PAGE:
A data source gets its connections from a JDBC connection pool. A connection pool can keep several database connections open at one time. Without a connection pool, you might encounter delays while the JDBC driver sets up a new connection each time you need one. Because the pool maintains a group of reusable connections, your program is more efficient when allocating a connection.

Defining a Database Connection

To use the database control, you must define a data source. To define a data source in WebLogic, you must first define a connection pool. The easiest way to define a connection pool is through the WebLogic server console. Figure 6.2 shows the page for creating a connection pool. Notice that you must supply the JDBC connection URL and the JDBC driver class.

Figure 6.2
You can create connection pools using the WebLogic console.

After you create a connection pool, you can create a data source that uses the connection pool. The WebLogic console makes it easy to create connection pools, as shown in Figure 6.3. Simply give the data source a name and enter the name of the connection pool that the data source should use to obtain database connections.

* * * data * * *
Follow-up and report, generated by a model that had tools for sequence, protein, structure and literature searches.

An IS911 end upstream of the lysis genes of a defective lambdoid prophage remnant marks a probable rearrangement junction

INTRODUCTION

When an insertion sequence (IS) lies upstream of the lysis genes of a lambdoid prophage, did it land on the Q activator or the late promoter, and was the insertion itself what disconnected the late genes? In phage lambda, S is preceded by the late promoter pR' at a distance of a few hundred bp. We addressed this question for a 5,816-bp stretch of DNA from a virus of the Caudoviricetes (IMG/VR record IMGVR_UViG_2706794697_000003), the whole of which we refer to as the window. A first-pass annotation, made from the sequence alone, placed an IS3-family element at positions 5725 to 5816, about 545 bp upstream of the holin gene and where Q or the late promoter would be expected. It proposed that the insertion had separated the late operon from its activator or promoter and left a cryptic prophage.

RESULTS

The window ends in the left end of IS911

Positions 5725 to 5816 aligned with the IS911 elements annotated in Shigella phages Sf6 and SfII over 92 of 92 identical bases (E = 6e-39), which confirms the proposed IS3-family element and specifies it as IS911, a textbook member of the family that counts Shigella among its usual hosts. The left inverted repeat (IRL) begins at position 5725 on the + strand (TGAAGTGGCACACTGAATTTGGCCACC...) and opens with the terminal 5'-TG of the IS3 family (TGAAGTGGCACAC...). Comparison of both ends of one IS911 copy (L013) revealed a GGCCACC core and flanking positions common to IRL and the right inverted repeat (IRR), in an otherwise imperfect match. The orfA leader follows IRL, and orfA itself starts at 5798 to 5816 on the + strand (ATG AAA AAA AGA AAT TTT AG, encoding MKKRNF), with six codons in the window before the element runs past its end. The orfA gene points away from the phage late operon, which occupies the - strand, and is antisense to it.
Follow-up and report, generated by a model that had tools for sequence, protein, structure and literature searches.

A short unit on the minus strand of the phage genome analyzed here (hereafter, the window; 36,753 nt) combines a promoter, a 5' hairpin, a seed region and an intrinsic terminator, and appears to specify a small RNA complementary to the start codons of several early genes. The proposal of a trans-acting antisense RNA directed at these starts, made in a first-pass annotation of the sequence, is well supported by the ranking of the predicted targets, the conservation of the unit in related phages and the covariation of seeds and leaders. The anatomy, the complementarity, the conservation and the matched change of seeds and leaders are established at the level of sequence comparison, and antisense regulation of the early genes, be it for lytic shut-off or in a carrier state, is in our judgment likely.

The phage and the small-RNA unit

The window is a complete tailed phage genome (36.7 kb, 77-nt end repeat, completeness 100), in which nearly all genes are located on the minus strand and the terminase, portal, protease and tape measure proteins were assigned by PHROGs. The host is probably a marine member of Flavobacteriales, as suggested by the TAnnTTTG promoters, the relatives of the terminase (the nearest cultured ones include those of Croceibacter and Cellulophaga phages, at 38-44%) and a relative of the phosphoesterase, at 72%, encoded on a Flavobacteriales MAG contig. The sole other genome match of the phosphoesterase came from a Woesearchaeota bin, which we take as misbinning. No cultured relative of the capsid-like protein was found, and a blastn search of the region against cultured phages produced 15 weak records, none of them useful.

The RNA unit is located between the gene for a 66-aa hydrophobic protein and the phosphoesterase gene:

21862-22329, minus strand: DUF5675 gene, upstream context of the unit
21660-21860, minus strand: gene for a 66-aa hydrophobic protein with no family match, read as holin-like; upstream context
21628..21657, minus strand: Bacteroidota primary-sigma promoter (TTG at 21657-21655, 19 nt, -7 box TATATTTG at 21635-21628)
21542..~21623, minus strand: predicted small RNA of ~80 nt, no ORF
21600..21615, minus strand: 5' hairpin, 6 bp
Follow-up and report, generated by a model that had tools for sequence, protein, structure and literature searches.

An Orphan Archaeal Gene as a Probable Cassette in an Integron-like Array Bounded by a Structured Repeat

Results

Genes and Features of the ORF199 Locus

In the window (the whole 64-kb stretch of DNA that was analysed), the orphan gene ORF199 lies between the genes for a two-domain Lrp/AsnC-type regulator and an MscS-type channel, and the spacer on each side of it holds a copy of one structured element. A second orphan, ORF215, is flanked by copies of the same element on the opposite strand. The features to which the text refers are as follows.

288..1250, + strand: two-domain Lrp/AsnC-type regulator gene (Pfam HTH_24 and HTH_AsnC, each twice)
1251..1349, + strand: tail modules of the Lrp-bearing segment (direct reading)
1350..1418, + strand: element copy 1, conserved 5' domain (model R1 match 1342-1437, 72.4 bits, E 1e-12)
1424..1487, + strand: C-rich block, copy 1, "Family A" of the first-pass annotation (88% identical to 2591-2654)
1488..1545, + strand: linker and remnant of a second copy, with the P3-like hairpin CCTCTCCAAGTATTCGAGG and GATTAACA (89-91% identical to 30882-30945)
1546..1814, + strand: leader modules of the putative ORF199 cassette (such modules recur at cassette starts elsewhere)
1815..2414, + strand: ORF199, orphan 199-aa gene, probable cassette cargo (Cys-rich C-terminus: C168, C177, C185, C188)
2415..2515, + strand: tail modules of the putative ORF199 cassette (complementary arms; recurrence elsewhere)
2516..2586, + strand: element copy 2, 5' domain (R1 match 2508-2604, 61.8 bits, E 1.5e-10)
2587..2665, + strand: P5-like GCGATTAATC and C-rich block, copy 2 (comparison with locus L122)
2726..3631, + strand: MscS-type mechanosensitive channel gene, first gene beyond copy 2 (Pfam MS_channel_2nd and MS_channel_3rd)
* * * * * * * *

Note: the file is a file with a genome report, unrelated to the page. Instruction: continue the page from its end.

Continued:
Figure 6.3
You can create data sources using the WebLogic console.

The WebLogic samples server includes a sample data source that you can use for test programs. The data source name is cgSampleDataSource. You can use this data source to create new database tables and then execute SQL statements to manipulate these tables.

Creating an SQL String

To execute database statements from a database control, you first create a method that accepts any parameters you want to pass to the database statement. For example, you might want to pass an order number to search for, or a customer's new address. Next, you use the @jws:sql JavaDoc tag to create the database statement.